This is a very accessible article about a topic that is hard to grasp for many people. Nice writeup!

Denise presents Word problems in Russia and America posted at Let's play math!, saying, "Link to an Andrei Toom article about the importance of word problems as mental manipulatives---a must-read for math teachers."

This is a great find, a reference to an article (essentially a book) about Math education written by a Russian mathematician. As you might imagine his thoughts about the American attitude towards mathematics are not pretty. But, I agree with Denise - a must-read for math teachers, and for others of us too.

David Eppstein presents The topcoders count isosceles triangles posted at 0xDE, saying, "Analysis of the number of different isosceles triangles in a grid, up to translational equivalence."

This articles discusses an interesting geometry problem and how to approach it via computer programming. While I couldn't really grasp the computational geometry here I like that the problem discussed is simple and very elegant.

Julie Rehmeyer presents Mathematical Police Find Security Bug posted at MathTrek.

This is an interesting article about how a bug in a computer chip could cause vulnerabilities with the RSA encryption algorithm leading to serious security problems.

Matt presents Beauty in Mathematics posted at 360, saying, "Having trouble with the submit form. I hope this gets through."

Yes, happily your submission got through. This is a thought provoking article. If you spend any time wondering about what beauty in mathematics is about you'll enjoy this article.

Eric Macaulay presents Maths for Mortals posted at Maths for Mortals, saying, "For those who enjoyed the first Portia problem, here's another!"

A fun logic problem: simple, elegant and fun.

jd2718 presents Little probability quiz posted at JD2718, saying, "I wanted to give you something. Sorry it's not more interesting."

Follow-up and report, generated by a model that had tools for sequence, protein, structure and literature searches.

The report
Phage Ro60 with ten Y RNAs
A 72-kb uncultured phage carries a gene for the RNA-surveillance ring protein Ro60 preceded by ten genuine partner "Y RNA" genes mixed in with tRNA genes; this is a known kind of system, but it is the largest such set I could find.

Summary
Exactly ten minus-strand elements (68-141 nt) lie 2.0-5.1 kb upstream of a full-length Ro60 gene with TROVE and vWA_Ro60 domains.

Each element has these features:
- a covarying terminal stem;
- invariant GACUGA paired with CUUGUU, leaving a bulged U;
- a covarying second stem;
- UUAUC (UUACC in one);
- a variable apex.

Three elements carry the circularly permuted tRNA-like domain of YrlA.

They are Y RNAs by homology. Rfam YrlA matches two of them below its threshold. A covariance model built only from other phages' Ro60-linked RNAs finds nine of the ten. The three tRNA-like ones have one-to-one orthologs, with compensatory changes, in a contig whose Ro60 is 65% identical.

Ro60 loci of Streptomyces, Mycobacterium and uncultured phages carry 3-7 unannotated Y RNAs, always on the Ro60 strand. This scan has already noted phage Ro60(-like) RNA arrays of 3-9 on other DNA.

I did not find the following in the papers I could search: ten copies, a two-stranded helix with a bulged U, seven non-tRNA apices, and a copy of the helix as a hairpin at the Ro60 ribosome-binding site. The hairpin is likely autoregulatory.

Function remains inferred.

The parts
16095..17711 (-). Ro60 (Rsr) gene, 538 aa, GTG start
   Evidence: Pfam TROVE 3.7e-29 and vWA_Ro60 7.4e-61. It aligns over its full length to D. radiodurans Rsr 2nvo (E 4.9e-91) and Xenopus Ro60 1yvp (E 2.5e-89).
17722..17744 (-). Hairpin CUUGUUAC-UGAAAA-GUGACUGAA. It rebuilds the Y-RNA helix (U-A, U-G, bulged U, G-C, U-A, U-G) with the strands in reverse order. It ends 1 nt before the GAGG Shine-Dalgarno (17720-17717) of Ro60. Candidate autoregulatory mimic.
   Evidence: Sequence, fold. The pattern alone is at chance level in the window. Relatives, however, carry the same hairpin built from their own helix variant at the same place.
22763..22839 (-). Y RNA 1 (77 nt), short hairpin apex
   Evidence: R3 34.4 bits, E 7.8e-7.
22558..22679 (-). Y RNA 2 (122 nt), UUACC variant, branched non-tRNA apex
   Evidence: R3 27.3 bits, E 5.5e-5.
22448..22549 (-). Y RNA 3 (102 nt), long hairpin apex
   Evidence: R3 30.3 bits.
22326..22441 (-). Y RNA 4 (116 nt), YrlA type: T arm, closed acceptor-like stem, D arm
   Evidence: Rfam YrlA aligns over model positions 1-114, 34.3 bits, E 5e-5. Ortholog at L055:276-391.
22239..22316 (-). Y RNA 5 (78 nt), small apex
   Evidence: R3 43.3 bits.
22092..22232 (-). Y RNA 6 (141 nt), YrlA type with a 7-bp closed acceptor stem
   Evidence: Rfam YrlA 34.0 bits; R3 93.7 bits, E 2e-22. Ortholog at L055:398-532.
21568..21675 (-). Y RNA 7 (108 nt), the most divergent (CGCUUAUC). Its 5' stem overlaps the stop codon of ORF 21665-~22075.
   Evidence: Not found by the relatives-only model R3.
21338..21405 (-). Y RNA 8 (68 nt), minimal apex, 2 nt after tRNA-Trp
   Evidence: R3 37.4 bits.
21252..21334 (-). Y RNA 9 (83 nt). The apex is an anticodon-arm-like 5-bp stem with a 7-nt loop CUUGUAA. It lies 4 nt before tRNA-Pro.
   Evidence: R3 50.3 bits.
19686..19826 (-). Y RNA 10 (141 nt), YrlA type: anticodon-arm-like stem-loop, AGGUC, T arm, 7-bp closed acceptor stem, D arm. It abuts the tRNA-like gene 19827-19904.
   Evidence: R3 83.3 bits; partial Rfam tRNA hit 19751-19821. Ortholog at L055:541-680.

No need to apologize. One man's uninteresting is another man's fun. Anyway, this is a nice set of questions on basic probability.

Vlorbik on Math Ed presents Careful Now: 21st Century Edition posted at dy/dan, saying, "this *isn't* by me ... i didn't do anything very interesting this fortnight .... but it sure as heck deserves the exposure! "vlorbik nominated this outstanding piece on the role of high tech in math ed by dy/dan" ... words to that effect ... or leave me out of it ... whatever suits your taste. my url is of course http://vlorbik.wordpress.com . here's looking forward to a great carny! (which i won't see until next week ... vacation, don'tcha know ...)"

If you've ever tried to get Math formulas or symbols into a blog posting you'll get a chuckle out of this.

Beans presents The League of eCcentric Mathematicians posted at Me Or My Maths, saying, "You don't really have to put this in, but I found it funny (understandable for a teenager) and thought others might do to. [It feels weird submitting this!]"

Hey, don't feel dumb, unless you want to! This is a cute two act play about eccentric mathematicians, written for those of us with short attention spans.

Mike from Walking Randomly presents A tricky little integral.

This is a nice little article about taming a tricky little integral that MathCAD couldn't simplify.

Well, that concludes this edition. Submit your blog article to the next edition of carnival of mathematics using the carnival submission form. Past posts and future hosts can be found on the blog carnival index page.

Next month's host will be Brent will be Brent at The Math Less Traveled.

Comments (4) Trackbacks (6)
  1. I feel obliged to point out that Mark Dominus’ post on differential equations is really undergraduate-level. I came very close to presenting it to my freshmen — who certainly could have understood it. (Alas, I didn’t have the time.)

  2. Isabel, you’re right, of course. Brain cramp on my part.

    I don’t like to change posts unless the errors are life threatening so I’ll let the error stand with your correction duly noted.

    Thanks for catching it.

  3. I’m glad you both agree that it is undergraduate-level. The mischaracterization had been bothering me, because I try to target my articles to an imaginary audience with about one year of college calculus, and I didn’t think I had missed the mark by so much this time.

  4. Mark,

    I took Differential Equations as an undergrad. That’s why I realized it was a brain cramp.